There are 2 main definitions of tattoo in English:

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tattoo1

Syllabification: tat·too
Pronunciation: /taˈto͞o
 
/

noun (plural tattoos)

1An evening drum or bugle signal recalling soldiers to their quarters.
Example sentences
  • From the 17th century drums and trumpets sounded tattoo, originally an instruction to turn off the taps of beer or wine-barrels, to call men back to quarters at the end of the day.
1.1An entertainment consisting of music, marching, and the performance of displays and exercises by military personnel.
Example sentences
  • While the band no longer performs at military tattoos, it is, on occasion, recalled to active duty.
  • He was thrown off his Honda then hit by another bike in front of hundreds of spectators at a military tattoo in West Bergholt.
  • The top of Blake Street was a wonderful vantage point for watching the many parades, processions and military tattoos that regularly took to the streets.
1.2A rhythmic tapping or drumming.
Example sentences
  • All year long the war drums have been beating an insistent tattoo but recently the rhythm seemed to be leading nowhere.
  • My heart beat a nervous tattoo in my chest, the rest of my body frozen in place.
  • The vibrant music and the exhilarating beat of the tribals were infectious and soon many in the audience, including yours truly, were beating a tattoo on the floor.

Origin

mid 17th century (originally as tap-too): from Dutch taptoe!, literally 'close the tap (of the cask)!'.

More
  • The military tattoo sounded by a drum or bugle to recall soldiers to their quarters in the evening was originally written tap-too. It comes from Dutch doe den tap toe, which meant literally ‘close the tap’. The tap was on a cask, closing it signalled the time for drinking was over and soldiers should go home. Tattoos on the skin are a different word, which came into English in the 18th century from the Polynesian languages of the Pacific Islands—Captain Cook's journals are the first to record the word. See also taboo

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There are 2 main definitions of tattoo in English:

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tattoo2

Syllabification: tat·too
Pronunciation: /taˈto͞o
 
/

verb (tattoos, tattoing, tattooed /-ˈto͞od/)

[with object]
1Mark (a person or a part of the body) with an indelible design by inserting pigment into punctures in the skin: his cheek was tattooed with a winged fist
More example sentences
  • First of all, there is a significant difference between tattooing the body, cutting the body, piercing the body, painting the body and writing on the body.
  • Without exception they paint their bodies, they tattoo their bodies, they decorate their bodies and they clothe their bodies.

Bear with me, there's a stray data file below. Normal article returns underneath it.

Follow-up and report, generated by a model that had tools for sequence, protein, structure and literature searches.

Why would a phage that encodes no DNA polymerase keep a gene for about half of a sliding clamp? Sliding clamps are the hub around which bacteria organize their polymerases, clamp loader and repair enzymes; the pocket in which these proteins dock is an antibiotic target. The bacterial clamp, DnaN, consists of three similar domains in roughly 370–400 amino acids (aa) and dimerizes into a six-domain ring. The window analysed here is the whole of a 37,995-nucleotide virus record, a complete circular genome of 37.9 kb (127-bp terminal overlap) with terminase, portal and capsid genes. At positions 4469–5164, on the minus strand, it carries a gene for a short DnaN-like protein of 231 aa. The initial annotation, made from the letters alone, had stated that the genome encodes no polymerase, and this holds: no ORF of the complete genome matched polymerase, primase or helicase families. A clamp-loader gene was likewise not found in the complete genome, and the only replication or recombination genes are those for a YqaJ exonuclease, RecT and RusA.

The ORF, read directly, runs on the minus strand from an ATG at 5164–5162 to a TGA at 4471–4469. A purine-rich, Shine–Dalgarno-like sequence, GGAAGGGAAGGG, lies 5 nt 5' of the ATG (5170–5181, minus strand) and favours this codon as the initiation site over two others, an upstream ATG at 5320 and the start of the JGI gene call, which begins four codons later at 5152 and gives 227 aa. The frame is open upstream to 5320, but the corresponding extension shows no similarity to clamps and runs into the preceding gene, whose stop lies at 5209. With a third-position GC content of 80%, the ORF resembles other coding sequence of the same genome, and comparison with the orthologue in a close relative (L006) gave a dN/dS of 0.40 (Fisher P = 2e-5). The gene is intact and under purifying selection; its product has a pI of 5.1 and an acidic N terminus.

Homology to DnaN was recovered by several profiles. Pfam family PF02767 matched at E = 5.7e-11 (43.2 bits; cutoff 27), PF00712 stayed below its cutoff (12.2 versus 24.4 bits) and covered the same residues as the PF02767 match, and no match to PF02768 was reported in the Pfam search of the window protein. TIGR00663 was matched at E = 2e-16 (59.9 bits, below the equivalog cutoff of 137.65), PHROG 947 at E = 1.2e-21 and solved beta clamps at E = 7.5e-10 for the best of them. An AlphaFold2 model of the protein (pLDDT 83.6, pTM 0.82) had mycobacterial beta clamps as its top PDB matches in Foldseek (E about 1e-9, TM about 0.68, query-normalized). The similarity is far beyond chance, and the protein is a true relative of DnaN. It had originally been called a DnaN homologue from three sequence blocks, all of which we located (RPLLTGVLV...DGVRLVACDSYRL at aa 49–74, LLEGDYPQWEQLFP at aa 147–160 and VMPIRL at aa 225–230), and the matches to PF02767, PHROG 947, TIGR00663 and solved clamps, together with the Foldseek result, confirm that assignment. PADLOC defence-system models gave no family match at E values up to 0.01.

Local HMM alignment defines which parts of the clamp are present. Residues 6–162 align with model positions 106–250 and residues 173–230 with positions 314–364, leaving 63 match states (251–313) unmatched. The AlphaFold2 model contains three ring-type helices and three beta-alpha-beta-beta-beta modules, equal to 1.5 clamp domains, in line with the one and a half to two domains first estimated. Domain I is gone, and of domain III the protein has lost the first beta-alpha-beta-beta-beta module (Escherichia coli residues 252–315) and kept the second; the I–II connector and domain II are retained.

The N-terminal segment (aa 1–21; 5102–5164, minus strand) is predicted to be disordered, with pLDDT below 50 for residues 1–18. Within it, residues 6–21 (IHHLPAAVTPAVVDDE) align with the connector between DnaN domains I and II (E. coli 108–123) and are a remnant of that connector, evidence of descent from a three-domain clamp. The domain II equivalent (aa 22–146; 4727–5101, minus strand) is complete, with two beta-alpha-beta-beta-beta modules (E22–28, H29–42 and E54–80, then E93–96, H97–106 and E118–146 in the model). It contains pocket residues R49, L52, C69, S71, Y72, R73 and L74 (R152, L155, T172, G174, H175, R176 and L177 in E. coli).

• The four defendants were charged for tattooing their bodies to evade conscription immediately after they were judged physically competent to serve in the military.
1.1Make (an indelible design) on a part of the body by inserting pigment into punctures in the skin: he has a heart tattooed on his left hand
More example sentences
  • He did everything short of tattooing the organization's logo on his forehead.
  • One of the drinkers at the bar informed me that Noi is a real butterfly; in fact she has the image of a small butterfly tattooed over her heart.
  • The little cross tattooed on my left hand is a memory of my Latino friends when I lived in Phoenix.

noun (plural tattoos)

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A design made by tattooing.
Example sentences
  • But for soldiers, getting tattoos has for many years been a way of nurturing a sense of solidarity with their fellow troops.
  • We must be prepared for all possibilities, not just the ones that play into reporters' preconceived notions about hunters, soldiers, tattoos and guns.
  • It has also been believed that someone with a tattoo in a certain pattern calls upon the spirit corresponding to that image.

Origin

mid 18th century: from Tahitian, Tongan, and Samoan ta-tau or Marquesan ta-tu.

More
  • The military tattoo sounded by a drum or bugle to recall soldiers to their quarters in the evening was originally written tap-too. It comes from Dutch doe den tap toe, which meant literally ‘close the tap’. The tap was on a cask, closing it signalled the time for drinking was over and soldiers should go home. Tattoos on the skin are a different word, which came into English in the 18th century from the Polynesian languages of the Pacific Islands—Captain Cook's journals are the first to record the word. See also taboo

Derivatives

tattooer

1
noun
Example sentences
  • There are possibilities in this direction for the tattooer who is willing to sacrifice his art.
  • Also one of the worst things for me is tattooers who don't have any tattoos, or barely any.
  • Now you know that you have to be both a fan and an artist in order for other tattooers to take you seriously.

tattooist

2
Pronunciation: /taˈto͞oist/
noun
Example sentences
  • ‘I heard there was a lack of quality tattooists in the Mid West,’ he said.
  • He liked the idea of artists becoming tattooists, not drunken bikers… he helped to legitimise the whole world of tattooing, which was in a dark tunnel for a long time.
  • If joined end-to-end, these ads would be a separate feature lasting an hour and starring fast food meal deals, electrical goods salespeople and tattooists.

Definition of tattoo in:

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